To prevent issues due to local water hardness, it is prudent to use demineralised water when making the titration fluid. If using strong acids, always add the acid to the water, NEVER add the water to the acid.

Indicator solution

Universal indicator L-R Methanol & Universal indicator,With bio added,Vinegar added. Source: KH

An indicator is needed which will show the change point when the excess catalyst has been neutralised and the soaps converted to free fatty acids. Different indicators change at different points but what we are looking for is the sudden change in pH when the alkaline conditions are fully neutralised and the addition of any more acid causes a sudden swing to acidic conditions.

Suitable indicators tried so far include bromothymol blue, bromophenol blue and universal indicator. Indicators need to be in a liquid state in order that a few drops can be added to solvent base prior to the titration.

0.1% hydroxide solution

If, when adding the indicator to the solvent base, the indicator shows acidic conditions then the solvent will need to be blanked. Achieving this requires a weak alkaline solution and the 0.1% (1g/l) solution of sodium hydroxide or potassium hydroxide commonly used of the titration of WVO is ideal. This is added dropwise until the inidicator shows that the solvent is no longer acidic.


Perhaps the most important of the chemicals - it is the acid which removes the soaps and ultimately prevents and emulsion. Any acid can be used although there are some which are not recommended. Nitric acid and hydrofluoric acid are best avoided for safety reasons. Viable acids range from vinegar and citric acid at the weak end of the scale to hydrochloric acid and sulfuric acid at the strongest end. 96% Concentrated sulfuric acid is readily available from most chemical suppliers & city plumbing supplies fairly cheaply and very little is needed per batch. Vinegar is very readily available and can be sourced cheaply but significantly more will be required per batch.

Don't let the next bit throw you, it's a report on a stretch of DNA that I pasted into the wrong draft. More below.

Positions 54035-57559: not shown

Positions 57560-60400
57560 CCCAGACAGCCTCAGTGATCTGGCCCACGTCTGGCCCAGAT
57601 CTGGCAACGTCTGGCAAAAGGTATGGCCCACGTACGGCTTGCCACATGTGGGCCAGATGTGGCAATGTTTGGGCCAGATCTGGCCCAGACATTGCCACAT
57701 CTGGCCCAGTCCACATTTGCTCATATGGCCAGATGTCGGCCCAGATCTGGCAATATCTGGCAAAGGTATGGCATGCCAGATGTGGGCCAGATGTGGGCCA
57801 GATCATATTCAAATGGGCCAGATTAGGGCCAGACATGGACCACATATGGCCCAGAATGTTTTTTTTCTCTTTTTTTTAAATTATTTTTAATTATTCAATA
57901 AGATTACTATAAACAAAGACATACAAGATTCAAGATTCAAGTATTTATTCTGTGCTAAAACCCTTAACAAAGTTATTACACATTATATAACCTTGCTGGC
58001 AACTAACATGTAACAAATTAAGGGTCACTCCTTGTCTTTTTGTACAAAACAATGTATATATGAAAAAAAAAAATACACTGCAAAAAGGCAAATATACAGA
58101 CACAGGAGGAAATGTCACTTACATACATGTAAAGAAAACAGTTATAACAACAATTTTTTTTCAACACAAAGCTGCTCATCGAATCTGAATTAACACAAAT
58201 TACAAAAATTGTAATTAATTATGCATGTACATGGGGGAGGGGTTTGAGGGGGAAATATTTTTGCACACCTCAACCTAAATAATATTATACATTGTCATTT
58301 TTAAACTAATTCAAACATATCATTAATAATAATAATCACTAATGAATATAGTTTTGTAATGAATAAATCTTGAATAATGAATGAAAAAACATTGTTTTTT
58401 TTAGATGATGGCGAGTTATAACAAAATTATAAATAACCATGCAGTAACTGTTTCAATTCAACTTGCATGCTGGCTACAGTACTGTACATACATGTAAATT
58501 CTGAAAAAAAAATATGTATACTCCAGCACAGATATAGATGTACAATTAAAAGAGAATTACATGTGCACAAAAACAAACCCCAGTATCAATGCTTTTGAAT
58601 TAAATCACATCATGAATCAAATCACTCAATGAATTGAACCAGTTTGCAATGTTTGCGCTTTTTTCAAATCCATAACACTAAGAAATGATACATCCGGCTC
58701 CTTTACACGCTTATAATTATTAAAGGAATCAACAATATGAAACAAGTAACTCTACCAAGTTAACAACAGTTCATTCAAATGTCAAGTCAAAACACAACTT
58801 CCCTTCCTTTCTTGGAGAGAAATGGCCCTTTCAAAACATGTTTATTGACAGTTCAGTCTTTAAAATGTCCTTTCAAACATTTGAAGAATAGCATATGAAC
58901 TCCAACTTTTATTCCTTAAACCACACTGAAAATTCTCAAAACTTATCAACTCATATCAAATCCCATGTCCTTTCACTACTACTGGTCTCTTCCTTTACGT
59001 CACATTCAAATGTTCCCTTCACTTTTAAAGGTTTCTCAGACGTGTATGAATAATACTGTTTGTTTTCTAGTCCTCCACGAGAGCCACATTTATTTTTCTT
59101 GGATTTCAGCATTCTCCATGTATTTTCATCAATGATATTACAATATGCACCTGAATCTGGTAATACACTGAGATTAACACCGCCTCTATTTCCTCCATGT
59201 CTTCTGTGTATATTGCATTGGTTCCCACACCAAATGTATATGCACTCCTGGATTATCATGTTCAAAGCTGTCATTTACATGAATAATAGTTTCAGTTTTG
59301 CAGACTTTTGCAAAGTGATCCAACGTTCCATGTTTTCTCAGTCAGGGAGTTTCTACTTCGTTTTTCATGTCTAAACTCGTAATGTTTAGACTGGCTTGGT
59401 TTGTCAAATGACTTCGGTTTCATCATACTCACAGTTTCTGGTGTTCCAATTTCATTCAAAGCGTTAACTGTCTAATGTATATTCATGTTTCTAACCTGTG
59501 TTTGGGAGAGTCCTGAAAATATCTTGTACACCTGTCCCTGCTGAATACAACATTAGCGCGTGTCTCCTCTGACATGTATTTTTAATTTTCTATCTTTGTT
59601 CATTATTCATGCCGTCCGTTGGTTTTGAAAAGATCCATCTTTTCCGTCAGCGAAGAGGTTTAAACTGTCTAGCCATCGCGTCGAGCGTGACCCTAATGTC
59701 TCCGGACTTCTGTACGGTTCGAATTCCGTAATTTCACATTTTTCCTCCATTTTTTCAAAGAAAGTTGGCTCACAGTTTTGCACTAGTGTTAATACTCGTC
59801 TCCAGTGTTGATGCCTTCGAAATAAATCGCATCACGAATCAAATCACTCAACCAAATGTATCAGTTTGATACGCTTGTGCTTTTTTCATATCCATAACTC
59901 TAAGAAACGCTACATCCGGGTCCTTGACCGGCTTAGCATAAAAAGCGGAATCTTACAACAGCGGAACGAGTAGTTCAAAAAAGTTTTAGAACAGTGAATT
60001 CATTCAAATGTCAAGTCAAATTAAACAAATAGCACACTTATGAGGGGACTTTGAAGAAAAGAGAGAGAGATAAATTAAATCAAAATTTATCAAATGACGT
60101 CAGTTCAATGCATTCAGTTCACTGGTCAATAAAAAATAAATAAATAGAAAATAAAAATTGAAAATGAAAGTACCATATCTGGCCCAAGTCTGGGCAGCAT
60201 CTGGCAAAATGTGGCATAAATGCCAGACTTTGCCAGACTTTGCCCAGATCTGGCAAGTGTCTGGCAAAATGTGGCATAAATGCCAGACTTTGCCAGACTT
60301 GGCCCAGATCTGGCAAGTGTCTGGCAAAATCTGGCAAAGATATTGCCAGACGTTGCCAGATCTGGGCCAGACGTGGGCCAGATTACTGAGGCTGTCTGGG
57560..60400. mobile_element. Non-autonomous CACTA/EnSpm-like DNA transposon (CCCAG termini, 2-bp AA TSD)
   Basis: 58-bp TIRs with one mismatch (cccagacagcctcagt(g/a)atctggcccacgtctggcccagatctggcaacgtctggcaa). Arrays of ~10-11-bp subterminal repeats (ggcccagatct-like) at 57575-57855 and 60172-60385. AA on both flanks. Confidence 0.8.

Phosphoric acid should not be used. It has been reported that this acid produces sodium phosphate which is a water soluble detergent and not conducive to the process.


A vinegar first water wash settling out

Water is used for two purposes in this process. Firstly, if using strong acids, it is used to dilute the acid prior to introduction to the processsor.

Secondly, water is used for the subsequent washes of the biodiesel. Normal tap water is fine for this purpose and there do not seem to be any noticeable effects from varying water hardness.

Example vinegar method

100 litre batch size

Sample taken immediately after the first wash/vinegar. Source KH
First wash starting to settle/vinegar. Source KH

An example method using vinegar,universal indicator and methanol as the solvent

(1) Carry out a titration in this case 25 ml of methanol and universal indicator

(2) Add 10 ml of bio and shake it should go from green to blue

(3) Then add the titration fluid in drips until the colour changes to green/yellow

(4) Multiply the result by the batch size to get the amount of acid needed e.g. if 0.1ml vinegar used to change colour to neutralize 10ml bio, 10ml vinegar neutralizes 1L 10 x 100 L batch = 1 L vinegar

(5) Add to 10 litres of water and pump mix with the bio for 15 minutes,even though the vinegar is a weak acid using 10 litres of water with it makes it easier to drain visibly

(6) Turn off pump,close bottom valve and take sample for reference

(7) When the sample has settled out drain down the processor

(8) Add 20 litres of water and mix for 5 minutes

(9) Turn off pump,close bottom valve and take sample for reference

(10) Repeat steps 8 & 9 until the water is clear

(11) Dry the wet bio diesel

Universal indicator colours

KH 21:32, 12 February 2013 (UTC)